Can Food Really Be Our Medicine?

How Toxins Are Pervading our Food Supply and Harming Our Health

          Brilliant Blue. Allura Red. Sunset Yellow. The colors sound so delicious — surely they describe some dazzling new interior design, an innovative line of eyeshadows or next season’s shinysports cars? Or perhaps they are new brilliant hues to fill the artist’s pallet, or trending interior accent colors?

            None of the above. In fact, they are the names of FDA-approved artificial food colorings and dyes, and they can be hidden in everything from your heart-healthy salsa to your whole grain breakfast cereal and blueberry yogurt.[1] Food dye consumption per person has increased fivefold in the United States since 1955, with three dyes—Red 40, Yellow 5, and Yellow 6—accounting for 90% of the dyes used in foods. Artificial dyes, some derived from petroleum, are found in thousands of foods,and may be carcinogenic, as well as cause hypersensitivity reactions.[2] They present what the Center for Science in the Public Interest (CSPI) in Washington, DC, literally calls a “rainbow of risk.” In 2016, when Prevention Magazine took a close look at surprising foods with dyes, they found that 90% of foods marketed to children contain dyes, and that everything from flavored applesauce to smoked salmon, hot sauce, and salad dressing contain dyes.[3]

            Many foods, unfortunately, harbor more than potentially toxic dyes—they also contain additives and preservatives that may be carcinogenic. Take, for example, BHA (butylated hydroxyanisole) and BHT (butylated hydroxytoluene), two preservatives that prevent oils in foods from oxidizing and becoming rancid. According to the Berkeley Wellness Letter, “The National Toxicology Program has concluded that BHA ‘is reasonably anticipated to be a human carcinogen,’ while BHT has been linked to an increased—or sometimes decreased—risk of cancer in animals. The consumer group the Center for Science in the Public Interest thus cites BHA as an additive to “avoid” and puts BHT in its “caution” column.”[4]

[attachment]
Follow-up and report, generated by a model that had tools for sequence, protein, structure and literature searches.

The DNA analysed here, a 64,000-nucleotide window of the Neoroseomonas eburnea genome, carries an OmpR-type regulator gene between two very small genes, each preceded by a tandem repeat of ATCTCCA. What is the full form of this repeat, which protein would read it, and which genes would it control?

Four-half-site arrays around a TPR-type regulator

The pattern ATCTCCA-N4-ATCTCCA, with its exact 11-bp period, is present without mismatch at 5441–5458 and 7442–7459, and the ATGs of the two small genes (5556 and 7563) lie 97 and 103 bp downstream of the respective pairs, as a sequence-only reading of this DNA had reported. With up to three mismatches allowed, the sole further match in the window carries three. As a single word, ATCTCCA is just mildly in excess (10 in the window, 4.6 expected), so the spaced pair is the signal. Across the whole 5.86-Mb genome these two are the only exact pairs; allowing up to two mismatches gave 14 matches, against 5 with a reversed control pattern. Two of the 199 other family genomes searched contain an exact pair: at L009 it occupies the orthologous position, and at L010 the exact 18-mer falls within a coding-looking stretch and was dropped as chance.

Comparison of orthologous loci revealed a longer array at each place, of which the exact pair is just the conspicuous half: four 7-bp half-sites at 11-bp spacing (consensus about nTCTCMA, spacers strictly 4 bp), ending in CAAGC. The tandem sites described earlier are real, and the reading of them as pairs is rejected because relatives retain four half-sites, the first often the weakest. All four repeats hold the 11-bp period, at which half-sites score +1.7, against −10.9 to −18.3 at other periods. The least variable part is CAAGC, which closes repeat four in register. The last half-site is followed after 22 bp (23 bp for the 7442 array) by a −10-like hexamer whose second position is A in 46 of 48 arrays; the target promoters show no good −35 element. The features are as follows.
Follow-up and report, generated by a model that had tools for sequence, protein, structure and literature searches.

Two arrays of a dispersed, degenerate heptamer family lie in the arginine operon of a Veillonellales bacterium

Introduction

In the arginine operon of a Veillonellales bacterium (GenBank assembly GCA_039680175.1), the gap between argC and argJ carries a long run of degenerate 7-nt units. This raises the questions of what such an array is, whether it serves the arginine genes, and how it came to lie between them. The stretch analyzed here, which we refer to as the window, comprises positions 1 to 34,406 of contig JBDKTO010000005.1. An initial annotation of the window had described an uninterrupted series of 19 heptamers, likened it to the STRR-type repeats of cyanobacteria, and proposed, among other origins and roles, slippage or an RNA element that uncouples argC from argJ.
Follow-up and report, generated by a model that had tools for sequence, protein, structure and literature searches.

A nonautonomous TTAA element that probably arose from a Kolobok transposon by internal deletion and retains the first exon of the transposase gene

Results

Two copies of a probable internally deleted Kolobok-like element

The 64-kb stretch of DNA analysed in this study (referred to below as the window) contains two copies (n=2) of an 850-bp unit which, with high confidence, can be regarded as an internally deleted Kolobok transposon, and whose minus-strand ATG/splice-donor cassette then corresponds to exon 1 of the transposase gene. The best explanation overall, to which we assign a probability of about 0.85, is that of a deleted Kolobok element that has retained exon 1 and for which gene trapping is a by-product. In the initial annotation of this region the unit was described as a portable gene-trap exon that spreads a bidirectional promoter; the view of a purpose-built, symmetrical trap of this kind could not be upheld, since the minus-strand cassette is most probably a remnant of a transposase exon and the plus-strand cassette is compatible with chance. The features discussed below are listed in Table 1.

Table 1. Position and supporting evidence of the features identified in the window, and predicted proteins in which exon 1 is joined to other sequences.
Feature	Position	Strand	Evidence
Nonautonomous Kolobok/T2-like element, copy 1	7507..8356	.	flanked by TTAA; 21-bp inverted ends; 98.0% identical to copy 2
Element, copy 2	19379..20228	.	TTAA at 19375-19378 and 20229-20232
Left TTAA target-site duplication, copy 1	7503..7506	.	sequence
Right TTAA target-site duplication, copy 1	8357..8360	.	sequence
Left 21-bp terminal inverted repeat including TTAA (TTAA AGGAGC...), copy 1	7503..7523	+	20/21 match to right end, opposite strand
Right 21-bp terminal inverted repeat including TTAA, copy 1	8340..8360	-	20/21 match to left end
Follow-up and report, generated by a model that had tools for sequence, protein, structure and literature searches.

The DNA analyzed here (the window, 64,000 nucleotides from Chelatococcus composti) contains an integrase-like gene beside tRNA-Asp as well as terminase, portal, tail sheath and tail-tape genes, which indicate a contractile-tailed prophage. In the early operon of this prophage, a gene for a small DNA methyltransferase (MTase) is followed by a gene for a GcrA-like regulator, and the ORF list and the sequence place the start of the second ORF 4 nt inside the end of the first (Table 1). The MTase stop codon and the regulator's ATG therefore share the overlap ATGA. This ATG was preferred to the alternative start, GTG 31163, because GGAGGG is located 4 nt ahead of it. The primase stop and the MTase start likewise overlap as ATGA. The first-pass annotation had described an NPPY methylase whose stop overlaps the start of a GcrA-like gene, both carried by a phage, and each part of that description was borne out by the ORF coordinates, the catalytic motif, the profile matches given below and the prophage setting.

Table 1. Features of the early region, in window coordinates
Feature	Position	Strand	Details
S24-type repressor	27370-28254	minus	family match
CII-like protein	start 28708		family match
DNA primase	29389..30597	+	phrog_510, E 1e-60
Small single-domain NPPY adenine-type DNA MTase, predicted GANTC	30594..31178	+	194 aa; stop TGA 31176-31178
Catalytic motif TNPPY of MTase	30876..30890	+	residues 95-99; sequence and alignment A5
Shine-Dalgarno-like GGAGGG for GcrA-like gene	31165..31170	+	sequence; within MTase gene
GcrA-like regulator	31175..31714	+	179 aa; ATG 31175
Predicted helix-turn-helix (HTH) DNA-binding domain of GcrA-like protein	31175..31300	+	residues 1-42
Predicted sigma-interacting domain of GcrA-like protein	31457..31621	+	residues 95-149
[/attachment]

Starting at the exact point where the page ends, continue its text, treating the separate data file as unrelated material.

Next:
Next up: processed meats—such as hot dogs, salami, ham, bologna, bacon, sausages and more. They contain a chemical called sodium nitrite, which during cooking can form carcinogenic compounds.[5] A study by the Cancer Research Center of Hawaii and the University of Southern California found a correlation between eating processed meats and cancer risk. The study followed 190,000 people, ages 45-75, for seven years. Those who ate the most processed meats had a 67% higher risk of pancreatic cancer than those who ate the least amount.[6]

            Then there are the toxins that migrate into food from the wrappings and containers they are packaged in—everything from films to pouches, bottles, trays,and lids.[7] For instance, many fast-food wrappers and boxes contain chemicals that can leach into food, and one out of five paperboard food boxes in a 2017 study contained detectable levels of fluorine. [8] Fluorinated chemicals, suspected carcinogens[9], also are allowed in compostable food packaging. Plasticizers have a low molecular weight and can migrate from packaging materials into the food wrapped within, thus becoming indirect food additives.[10] And migration of plasticizers from PVC gaskets in the closures of glass jars has been reported for contact with oily foods.[11]

            Along with additives, preservatives and migrating molecules, heavy metals can be present in many foods. The presence of mercury in large fish is well known. When the Environmental Working Group looked at pregnant women who eat fish, they found that about 30% had mercury levels over the safe limit set by the EPA and 60% had excessive mercury levels in their hair. Frequent fish eaters had 11 times more mercury than a group who rarely ate fish.[12] And bone broth—in many ways a very healthy, nutritious food—can have excess lead levels. A 2013 study measured the levels of lead in broth made from the bones of organic chickens. The broth was found to have “markedly high lead concentrations” compared to water cooked in the same cookware.[13] Similarly, rice is well known to sequester arsenic, absorbing it from irrigation water, soil, and even cooking water. Arsenic exposure is linked to heart disease, kidney disease, brain disease, and diabetes.[14]

            Pesticide residues present another threat to our health from the food supply.[15],[16],[17] Pesticide exposure is linked to cancer risk, birth defects, obesity, and other maladies.[18] More than 1 billion pounds of pesticides are used annually nationwide, according to the Pesticide Action Network North America, an environmental group in Oakland.[19],[20]